Part Three
(drn: 28'57")

For a moment, the Doctor and Charley are back in the darkness, and this time, they can hear the sound of a beating heart. Then they reappear in the scullery, and this time, Edith is lying dead on the floor, having been suffocated by a sink plunger. Once again the staff enter to find the Doctor and Charley over Edith's body, and this time, they greet them immediately as amateur sleuths. Apart from a few minor variations, however, they replay the same sequence of events, first suggesting that Edith committed suicide, and then fretting over the state of Mrs Baddeley’s plum puddings. The Doctor notes another difference -- the name Edward Grove is now written in the dust beneath Edith and Charley’s names, as if the killer is signing his name to a work of art. Disturbed, the Doctor leaves to check a theory, telling Charley to stay with Mrs Baddeley, whom they know will be the next victim.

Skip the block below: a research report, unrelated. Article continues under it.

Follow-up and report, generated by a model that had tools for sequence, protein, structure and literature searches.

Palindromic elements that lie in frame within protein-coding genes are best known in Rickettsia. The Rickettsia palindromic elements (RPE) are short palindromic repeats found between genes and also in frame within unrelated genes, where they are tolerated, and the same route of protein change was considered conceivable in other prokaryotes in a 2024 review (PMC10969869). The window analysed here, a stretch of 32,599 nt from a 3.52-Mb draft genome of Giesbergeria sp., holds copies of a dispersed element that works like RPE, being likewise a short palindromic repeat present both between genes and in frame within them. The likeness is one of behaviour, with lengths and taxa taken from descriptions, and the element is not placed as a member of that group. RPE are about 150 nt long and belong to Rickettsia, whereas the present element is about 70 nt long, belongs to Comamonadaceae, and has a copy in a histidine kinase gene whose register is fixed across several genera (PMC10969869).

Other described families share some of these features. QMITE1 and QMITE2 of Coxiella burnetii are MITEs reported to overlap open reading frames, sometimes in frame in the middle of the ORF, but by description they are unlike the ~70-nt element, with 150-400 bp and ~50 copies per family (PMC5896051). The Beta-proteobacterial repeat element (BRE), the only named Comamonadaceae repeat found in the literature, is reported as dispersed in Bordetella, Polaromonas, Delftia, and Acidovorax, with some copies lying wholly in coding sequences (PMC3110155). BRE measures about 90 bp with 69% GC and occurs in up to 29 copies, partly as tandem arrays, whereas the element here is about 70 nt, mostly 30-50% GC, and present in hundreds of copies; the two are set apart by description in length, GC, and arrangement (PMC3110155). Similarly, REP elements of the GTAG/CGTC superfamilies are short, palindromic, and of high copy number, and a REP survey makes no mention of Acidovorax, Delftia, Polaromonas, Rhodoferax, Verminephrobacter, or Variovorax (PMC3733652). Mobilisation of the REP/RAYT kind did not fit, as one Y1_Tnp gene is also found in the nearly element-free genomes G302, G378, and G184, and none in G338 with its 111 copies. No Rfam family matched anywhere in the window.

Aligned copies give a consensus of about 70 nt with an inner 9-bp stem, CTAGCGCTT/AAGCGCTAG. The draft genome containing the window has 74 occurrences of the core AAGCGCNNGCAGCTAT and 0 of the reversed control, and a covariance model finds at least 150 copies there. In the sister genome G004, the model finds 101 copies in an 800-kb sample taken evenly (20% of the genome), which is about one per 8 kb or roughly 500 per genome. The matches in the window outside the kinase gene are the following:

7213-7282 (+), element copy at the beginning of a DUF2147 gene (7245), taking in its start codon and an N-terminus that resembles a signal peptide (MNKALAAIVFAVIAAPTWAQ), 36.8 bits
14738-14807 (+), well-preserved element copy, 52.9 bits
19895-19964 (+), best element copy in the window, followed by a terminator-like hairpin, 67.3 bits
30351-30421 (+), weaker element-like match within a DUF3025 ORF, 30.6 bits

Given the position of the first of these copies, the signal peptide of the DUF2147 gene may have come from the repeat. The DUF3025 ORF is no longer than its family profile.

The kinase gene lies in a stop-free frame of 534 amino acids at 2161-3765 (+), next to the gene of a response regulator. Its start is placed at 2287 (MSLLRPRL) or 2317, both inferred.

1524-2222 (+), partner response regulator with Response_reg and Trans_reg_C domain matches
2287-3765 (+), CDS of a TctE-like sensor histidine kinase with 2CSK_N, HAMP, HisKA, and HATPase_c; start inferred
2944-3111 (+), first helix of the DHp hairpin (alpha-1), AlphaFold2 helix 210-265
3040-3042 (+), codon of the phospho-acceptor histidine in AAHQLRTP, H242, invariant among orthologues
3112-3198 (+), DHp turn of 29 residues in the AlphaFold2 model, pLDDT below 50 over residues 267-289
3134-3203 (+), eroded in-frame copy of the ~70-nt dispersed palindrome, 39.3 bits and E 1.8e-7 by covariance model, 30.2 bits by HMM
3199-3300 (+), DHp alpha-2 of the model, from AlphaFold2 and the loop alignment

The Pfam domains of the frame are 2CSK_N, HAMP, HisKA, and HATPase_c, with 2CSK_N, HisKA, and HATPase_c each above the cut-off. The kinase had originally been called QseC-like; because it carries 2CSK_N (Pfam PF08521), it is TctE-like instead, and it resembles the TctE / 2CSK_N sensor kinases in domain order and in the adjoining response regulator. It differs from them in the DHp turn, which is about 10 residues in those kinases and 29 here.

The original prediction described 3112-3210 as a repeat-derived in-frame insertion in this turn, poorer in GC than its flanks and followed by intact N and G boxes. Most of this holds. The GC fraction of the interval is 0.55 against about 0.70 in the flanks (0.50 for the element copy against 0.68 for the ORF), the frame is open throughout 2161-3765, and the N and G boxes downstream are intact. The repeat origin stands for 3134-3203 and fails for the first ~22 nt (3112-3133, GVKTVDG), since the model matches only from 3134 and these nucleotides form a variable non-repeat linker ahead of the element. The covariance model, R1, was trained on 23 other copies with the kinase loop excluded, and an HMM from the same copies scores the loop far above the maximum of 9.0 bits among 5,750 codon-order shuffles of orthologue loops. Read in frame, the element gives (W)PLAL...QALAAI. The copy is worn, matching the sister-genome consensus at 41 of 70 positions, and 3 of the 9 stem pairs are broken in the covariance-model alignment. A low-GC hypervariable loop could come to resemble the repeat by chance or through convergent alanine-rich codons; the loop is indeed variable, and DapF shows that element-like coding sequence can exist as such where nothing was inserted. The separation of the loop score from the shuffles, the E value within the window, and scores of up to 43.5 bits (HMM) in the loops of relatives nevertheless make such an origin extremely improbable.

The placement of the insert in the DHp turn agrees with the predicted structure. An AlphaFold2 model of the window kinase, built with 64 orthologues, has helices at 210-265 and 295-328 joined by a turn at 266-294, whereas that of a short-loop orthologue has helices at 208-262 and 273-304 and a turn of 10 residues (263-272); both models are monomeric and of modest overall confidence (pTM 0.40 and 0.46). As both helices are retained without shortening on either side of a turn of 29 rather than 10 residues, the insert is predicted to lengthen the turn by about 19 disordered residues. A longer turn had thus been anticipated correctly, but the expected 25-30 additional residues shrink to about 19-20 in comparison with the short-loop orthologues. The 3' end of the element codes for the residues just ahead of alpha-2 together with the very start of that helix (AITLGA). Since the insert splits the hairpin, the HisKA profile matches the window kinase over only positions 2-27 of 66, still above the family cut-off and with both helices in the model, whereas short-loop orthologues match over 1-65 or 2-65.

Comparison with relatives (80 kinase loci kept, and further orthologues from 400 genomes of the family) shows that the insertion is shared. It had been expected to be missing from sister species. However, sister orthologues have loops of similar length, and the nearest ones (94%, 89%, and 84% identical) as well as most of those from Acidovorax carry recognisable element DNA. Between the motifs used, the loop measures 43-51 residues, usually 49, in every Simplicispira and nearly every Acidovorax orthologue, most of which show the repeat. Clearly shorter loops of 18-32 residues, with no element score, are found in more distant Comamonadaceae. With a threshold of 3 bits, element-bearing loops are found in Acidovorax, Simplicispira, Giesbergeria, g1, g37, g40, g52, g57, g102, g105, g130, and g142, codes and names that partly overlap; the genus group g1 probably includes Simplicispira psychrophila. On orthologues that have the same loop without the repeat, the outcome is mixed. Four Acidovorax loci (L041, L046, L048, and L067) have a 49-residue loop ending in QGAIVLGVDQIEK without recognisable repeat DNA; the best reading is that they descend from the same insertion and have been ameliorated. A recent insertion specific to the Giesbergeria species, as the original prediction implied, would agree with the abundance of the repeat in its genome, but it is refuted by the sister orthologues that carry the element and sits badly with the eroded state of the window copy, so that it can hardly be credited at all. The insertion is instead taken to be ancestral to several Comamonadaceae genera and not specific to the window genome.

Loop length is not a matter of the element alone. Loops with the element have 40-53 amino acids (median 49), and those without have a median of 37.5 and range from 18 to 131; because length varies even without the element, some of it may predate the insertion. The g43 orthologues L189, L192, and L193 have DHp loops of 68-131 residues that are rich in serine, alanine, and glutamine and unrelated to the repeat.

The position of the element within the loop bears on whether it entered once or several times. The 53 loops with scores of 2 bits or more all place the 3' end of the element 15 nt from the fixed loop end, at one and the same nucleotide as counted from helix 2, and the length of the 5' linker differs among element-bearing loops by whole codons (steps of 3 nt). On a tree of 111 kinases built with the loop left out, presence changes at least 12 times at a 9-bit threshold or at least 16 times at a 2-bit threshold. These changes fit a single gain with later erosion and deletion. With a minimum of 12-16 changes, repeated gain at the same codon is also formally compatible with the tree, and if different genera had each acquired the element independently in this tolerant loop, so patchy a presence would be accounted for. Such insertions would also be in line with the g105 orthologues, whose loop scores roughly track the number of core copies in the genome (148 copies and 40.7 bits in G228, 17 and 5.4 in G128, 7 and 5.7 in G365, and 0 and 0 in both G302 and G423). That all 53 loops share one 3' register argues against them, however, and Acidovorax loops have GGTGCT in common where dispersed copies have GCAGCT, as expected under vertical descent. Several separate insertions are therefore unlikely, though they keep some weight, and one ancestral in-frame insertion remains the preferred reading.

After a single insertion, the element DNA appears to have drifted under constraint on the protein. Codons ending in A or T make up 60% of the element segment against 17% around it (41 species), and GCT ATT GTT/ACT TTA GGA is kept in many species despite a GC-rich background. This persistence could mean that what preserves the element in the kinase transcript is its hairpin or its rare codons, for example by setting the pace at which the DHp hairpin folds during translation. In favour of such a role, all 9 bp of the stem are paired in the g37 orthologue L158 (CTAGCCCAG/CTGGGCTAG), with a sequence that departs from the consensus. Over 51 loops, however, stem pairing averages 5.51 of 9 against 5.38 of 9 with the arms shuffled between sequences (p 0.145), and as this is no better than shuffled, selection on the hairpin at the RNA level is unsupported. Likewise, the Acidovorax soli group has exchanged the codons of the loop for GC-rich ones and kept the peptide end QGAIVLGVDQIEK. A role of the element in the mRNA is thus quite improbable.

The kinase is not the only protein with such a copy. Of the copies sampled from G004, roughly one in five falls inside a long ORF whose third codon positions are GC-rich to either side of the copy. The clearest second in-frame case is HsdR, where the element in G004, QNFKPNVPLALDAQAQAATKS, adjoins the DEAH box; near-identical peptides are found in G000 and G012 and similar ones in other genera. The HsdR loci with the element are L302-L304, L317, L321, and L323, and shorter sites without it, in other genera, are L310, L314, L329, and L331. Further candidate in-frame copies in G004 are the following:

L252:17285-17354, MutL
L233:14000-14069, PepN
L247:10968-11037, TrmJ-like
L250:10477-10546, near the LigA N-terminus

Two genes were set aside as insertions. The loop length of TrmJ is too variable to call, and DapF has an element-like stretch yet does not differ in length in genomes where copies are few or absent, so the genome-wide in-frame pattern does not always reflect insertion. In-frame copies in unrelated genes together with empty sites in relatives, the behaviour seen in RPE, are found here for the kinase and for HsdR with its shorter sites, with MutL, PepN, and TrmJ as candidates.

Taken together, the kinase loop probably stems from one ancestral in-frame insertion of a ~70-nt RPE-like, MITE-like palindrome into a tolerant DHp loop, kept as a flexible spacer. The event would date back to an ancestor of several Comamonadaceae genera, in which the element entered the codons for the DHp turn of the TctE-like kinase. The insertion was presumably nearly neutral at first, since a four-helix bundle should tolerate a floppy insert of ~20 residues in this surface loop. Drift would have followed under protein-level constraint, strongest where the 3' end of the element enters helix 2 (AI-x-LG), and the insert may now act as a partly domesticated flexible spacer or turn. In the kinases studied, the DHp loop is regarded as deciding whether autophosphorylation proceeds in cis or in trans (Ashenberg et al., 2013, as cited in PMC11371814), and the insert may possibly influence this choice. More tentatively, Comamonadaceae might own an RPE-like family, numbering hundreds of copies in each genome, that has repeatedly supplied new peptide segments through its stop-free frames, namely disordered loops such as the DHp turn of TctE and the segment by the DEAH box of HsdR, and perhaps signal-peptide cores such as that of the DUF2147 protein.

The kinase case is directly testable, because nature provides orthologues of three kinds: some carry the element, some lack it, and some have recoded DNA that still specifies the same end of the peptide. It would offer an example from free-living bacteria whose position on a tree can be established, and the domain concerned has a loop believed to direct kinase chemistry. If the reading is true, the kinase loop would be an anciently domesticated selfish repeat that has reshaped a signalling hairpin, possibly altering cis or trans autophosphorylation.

The Doctor visits the common room, where he orders Mary to open the door so Frederick can take him for a drive. The servants object, reasonably enough; Frederick can’t drive thorugh the blizzard outside, and opening the door would let the cold in. When the Doctor insists, they apologetically threaten to kill him, bound to do as their master has instructed. The Doctor thus returns to his assigned role and questions them about the murder, although he’s starting to doubt that the murder is really important. Mary and Frederick claim to believe that one of them must be the killer, as Mrs Baddeley stood in the way of their love; however, the Doctor points out that Mrs Baddeley hasn’t actually been killed yet. Frederick, confused, wonders whether he’s the one who’s been killed -- or has that yet to happen?